2013: Solar Project

A Little History


In 2001, the darling wife (DW) and I purchased a 5th Wheel Trailer to start a life of travel and leisure. For one of our early voyages, we planned on spending a week or two dry-camping at a friendís unimproved parcel in South Lake Tahoe. Since we did not want to deal with a noisy generator, this so provided me an excuse Ė er, opportunity to install my first solar photovoltaic system. The solar PV system worked flawlessly. By day our six golf cart batteries charged and at night we watched satellite TV while eating microwaved popcorn. Life was good. (For more about that, see our Lake Tahoe trip.)

A few years later I started moving the trailer system to our home when we were not traveling. In fact, the web server which hosts this page was powered for years by our trailer PV system. Years later we decided to obtain a larger system to meet most of our home needs. After much research, I concluded that an AC (alternating current) solar PV system would best make me happy. After careful analysis and begging, my DW approved this endeavor.

Comfort and expense reduction were our motivators for installing solar. Carolyn uses an electric heater under her desk during the day to reduce our central heater usage in the cold months. Doing so does not overheat our home, providing me a cooler retreat in other sections of the house. Additionally, since we are both hi-tech industry veterans, our PCs with extra monitors are typically on all day, along with a large-screen TV in the background. And the web server and hot tub both run 24 hours a day. Our typical electrical usage averages 30 kilowatt-hours a day. This works out to $140 to $225 per month depending on the time of year. During the summer months we rarely use air conditioning, but we still manage to reach PG&Eís forth price tier.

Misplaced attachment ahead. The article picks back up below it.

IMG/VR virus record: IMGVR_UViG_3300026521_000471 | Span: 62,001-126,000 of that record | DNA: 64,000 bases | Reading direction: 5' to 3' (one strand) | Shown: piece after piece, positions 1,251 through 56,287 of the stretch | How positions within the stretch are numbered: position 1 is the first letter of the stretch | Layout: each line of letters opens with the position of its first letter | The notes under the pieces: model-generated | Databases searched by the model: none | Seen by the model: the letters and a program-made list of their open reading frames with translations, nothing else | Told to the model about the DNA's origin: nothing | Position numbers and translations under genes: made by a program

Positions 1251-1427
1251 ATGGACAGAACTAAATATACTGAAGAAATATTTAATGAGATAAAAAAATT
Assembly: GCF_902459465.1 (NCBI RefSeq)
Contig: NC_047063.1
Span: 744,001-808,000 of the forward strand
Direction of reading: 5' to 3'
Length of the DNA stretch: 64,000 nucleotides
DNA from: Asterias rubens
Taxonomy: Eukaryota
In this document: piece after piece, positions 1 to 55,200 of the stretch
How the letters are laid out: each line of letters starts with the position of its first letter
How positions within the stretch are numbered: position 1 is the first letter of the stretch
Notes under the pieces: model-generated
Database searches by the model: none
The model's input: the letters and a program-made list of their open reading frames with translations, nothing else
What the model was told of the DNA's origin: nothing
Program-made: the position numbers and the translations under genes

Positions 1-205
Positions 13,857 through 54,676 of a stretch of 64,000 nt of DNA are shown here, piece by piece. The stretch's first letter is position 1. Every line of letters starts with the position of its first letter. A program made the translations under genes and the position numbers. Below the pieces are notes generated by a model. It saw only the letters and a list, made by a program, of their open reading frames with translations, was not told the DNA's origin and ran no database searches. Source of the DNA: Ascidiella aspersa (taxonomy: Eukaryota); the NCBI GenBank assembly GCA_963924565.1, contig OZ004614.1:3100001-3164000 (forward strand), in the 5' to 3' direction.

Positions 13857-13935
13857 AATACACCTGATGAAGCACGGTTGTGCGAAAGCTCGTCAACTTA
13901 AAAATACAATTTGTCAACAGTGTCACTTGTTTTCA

I spoke with many solar companies and installers. I went through a long selection process due to the solution I wanted. In the past, I had scrutinized solar ownership cost benefits while appraising real estate. Plus I learned a lot installing my small system. From these experiences I knew the home-ownership benefits and some of the tradeoffs. The large well-known companies all claimed to have the perfect solution for me (translation: the perfect solution for THEM, i.e.$$. So, into the lily pond I swam, kissing many a toad...

Typical solar PV systems connect roof-mounted panels to a central inverter. This solution is commonly called a DC string or string array. DC string array efficiency is compromised by shade, wiring losses and other factors. Additionally, most solar panel manufacturers offer 25-year warranties for their panels; whereas the third-party central inverters typically have a 10- or 15-year warranty.

SunPower 'ACPV' panel with SolarBridge microinverter

The technology I wanted was an AC system integrated with a small inverter on each panel. This solution is called an ACPV system. A few years ago SunPower started producing ACPV products with their full a 25-year warranty for both the panels and inverters. The microinverters are SolarBridge Pantheon II's, integrated with the panels at the SunPower factory. Additionally, they use the SolarBridge monitor system (big brother is watching...)

I knew what I wanted...